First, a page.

The ultimate fate of David is uncertain. Several torpedo boats of this type fell into Union hands when Charleston was captured in February 1865. David may well have been among them.
 January 20, 1998, underwater archaeologist Dr. E. Lee Spence led a Sea Research Society expedition, funded by philanthropist Stanley M. Fulton, to find the remains of the two Confederate torpedo boats shown in various photos taken shortly after the fall of Charleston. Spence's theory was that the two vessels had been abandoned where they lay and were simply filled over as the city expanded. Spence used still existing houses in the pictures to triangulate where they might be. Using a ground penetrating radar, operated by Claude E. "Pete" Petrone of National Geographic Magazine, the expedition located two radar anomalies consistent with what would be expected of the two wrecks. The anomalies were under present-day Tradd Street, so no excavation was done. A post-war letter written by David C. Ebaugh, who supervised the construction of the David, described it as abandoned at what was then the foot of Tradd Street.

Sunday, April 16, 2017

Leonardo Da Vinci's Flying Pendulum Clock

Here are some images of Academy's Leonardo da Vinci's Flying Pendulum Clock.

From Wikipedia"
A flying pendulum clock is a clock that uses a flying pendulum escapement mechanism. A small metal ball, connected by string wraps around one brass post, then unwinds before repeating on the other brass post.
The flying pendulum clock was invented and patented in 1883 by Adler Christian Clausen and J. C. Slafter in Minneapolis. The clock was later called the Ignatz Flying pendulum clock after a character in the Krazy Kat comic. It has been called "the craziest clock in the world" due to the motion of the escapement.
 This clock was first designed by Leonardo di Vinci

Thursday, April 13, 2017

BMW Isetta 250

Here are some images of Revell's 1/16 scale BMW Isetta 250.

From Wikipedia"
The Isetta is an Italian-designed microcar built under license in a number of different countries, including Spain, Belgium, France, Brazil, Germany, and the United Kingdom. Because of its egg shape and bubble-like windows, it became known as a bubble car, a name later given to other similar vehicles.
In 1955, the BMW Isetta became the world's first mass-production car to achieve a fuel consumption of 3 L/100 km (94 mpg‑imp; 78 mpg‑US). It was the top-selling single-cylinder car in the world, with 161,728 units sold.
Initially manufactured by the Italian firm Iso SpA, the name Isetta is the Italian diminutive form of ISO, meaning little ISO.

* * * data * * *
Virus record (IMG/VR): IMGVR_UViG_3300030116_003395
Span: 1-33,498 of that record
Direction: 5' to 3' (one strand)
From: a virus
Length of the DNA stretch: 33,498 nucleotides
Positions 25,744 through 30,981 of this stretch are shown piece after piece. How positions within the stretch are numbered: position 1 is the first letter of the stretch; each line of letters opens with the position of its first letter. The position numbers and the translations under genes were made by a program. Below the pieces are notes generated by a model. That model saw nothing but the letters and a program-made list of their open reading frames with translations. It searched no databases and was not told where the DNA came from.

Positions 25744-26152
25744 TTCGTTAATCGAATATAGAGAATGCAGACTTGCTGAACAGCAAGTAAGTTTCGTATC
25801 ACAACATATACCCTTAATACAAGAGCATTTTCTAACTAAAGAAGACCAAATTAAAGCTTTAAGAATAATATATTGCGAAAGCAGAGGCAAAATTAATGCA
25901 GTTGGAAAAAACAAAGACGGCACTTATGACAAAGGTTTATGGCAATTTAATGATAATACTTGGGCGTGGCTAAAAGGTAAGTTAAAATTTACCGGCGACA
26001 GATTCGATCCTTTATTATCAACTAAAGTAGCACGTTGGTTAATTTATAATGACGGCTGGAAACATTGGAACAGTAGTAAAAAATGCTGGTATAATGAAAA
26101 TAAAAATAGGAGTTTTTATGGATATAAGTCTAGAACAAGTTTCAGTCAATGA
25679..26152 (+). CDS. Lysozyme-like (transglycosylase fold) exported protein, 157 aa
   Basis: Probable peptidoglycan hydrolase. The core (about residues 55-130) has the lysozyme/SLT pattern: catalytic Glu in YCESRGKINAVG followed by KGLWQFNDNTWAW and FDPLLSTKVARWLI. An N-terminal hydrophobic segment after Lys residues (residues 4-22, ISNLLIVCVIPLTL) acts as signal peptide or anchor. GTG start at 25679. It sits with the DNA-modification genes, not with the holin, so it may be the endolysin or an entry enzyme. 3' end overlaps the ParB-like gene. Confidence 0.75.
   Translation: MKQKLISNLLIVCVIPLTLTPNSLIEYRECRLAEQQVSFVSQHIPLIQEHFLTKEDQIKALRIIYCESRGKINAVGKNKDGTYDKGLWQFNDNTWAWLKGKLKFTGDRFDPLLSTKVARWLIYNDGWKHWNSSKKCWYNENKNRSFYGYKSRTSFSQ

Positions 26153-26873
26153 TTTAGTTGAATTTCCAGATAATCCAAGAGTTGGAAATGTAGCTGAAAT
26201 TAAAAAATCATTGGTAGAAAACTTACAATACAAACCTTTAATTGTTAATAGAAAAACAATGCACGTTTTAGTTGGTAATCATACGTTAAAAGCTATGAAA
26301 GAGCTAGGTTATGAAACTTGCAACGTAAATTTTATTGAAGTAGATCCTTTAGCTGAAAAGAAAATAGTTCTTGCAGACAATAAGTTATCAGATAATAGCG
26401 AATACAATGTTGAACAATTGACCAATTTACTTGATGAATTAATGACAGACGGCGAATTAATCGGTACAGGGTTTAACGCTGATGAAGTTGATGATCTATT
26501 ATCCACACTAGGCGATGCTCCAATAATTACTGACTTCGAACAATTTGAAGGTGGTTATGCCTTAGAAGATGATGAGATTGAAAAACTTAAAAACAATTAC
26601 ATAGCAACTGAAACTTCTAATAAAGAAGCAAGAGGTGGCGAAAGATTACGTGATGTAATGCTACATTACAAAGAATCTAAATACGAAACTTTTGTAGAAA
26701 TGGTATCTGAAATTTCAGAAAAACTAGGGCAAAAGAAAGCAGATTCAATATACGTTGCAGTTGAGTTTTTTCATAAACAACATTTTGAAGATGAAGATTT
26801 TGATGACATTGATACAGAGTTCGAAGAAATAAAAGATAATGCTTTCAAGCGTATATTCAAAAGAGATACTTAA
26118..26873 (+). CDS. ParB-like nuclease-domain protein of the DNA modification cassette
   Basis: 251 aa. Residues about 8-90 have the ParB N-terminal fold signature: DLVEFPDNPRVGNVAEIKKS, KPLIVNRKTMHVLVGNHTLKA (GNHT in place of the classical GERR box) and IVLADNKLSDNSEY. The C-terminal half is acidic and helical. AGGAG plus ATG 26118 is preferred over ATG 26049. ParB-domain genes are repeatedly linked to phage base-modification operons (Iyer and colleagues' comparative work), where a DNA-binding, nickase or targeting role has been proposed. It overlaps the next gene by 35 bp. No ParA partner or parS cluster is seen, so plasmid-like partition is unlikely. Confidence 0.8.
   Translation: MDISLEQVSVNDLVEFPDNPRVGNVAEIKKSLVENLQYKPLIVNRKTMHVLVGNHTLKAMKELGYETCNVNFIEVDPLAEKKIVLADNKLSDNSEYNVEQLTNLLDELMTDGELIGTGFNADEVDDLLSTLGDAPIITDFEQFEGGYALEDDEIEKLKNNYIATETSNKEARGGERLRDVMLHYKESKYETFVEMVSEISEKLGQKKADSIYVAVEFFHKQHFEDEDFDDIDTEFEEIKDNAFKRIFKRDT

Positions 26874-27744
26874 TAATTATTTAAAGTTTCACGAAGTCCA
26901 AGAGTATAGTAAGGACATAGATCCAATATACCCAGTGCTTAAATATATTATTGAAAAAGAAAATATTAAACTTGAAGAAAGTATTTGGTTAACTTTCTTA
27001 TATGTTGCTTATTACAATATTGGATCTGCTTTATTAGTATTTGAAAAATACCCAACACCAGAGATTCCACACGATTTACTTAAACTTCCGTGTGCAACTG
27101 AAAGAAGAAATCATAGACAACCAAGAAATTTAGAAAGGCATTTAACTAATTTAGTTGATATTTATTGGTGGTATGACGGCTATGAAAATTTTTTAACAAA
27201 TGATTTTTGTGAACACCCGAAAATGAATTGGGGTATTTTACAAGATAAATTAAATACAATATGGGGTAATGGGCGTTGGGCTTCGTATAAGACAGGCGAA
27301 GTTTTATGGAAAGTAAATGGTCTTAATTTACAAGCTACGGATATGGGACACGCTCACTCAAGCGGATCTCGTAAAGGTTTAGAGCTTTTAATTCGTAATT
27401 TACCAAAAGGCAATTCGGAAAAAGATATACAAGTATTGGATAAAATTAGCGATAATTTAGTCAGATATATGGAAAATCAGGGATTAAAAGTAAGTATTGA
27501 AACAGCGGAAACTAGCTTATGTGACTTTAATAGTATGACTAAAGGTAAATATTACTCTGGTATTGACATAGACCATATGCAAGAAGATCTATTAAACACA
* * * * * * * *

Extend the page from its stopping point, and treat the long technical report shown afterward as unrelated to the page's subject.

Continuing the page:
BMW made the Isetta its own. They redesigned the powerplant around a BMW one-cylinder, four-stroke, 247 cc motorcycle engine which generated 10 kW (13 hp). Although the major elements of the Italian design remained intact, BMW re-engineered much of the car, so much so that none of the parts between a BMW Isetta Moto Coupe and an Iso Isetta are interchangeable. The first BMW Isetta appeared in April 1955.
1955 BMW Isetta 250, BMW Museum, Munich, Germany
In May 1962, three years after launching the conventionally modern-looking BMW 700, BMW ceased production of Isettas. A total of 161,728 units had been built.

While it retained the "Bubble Window" styling, it differed from the Italian model in that its headlamps were fixed separately to the sides of the bodywork and it carried the BMW badge below the windscreen. The car was also redesigned to take a modified version of the 250 cc four-stroke engine from the BMW R25/3 motorcycle and the front suspension was changed. The single-cylinder generated 9 kW (12 hp) at 5800 rpm. The crankcase and cylinder were made of cast iron, the cylinder head of aluminium. However, the head was rotated by 180° compared with the motorcycle engine. The twin-bearing crankshaft was also different in the Isetta power unit, being larger and featuring reinforced bearings. One of the reasons for this was the heavy Dynastart unit which combined the dynamo and self-starter. The fuel mixture was provided by a Bing sliding throttle side draft motorcycle carburetor. In addition to further changes of detail, the BMW engineers enlarged the sump for installation in the car and cooled the engine by means of a radial fan and shrouded ducting.
The power train from the four-speed gearbox to the two rear wheels was also unusual: fixed to the gearbox output drive was something called a Hardy disc, which was a cardan joint made of rubber. On the other side of it was a cardan shaft, and finally a second Hardy disc, which in turn was located at the entrance to a chain case. A duplex chain running in an oil bath led finally to a rigid shaft, at each end of which were the two rear wheels. Thanks to this elaborate power transfer, the engine-gearbox unit was both free of tension and well soundproofed in its linkage to the rear axle.
In Germany, the Isetta could even be driven with a motorcycle license. The top speed of the Isetta 250 was rated as 85 km/h (53 mph).
The first BMW Isetta rolled off the line in April 1955, and in the next eight months some 10,000 of the "bubblecars" were produced.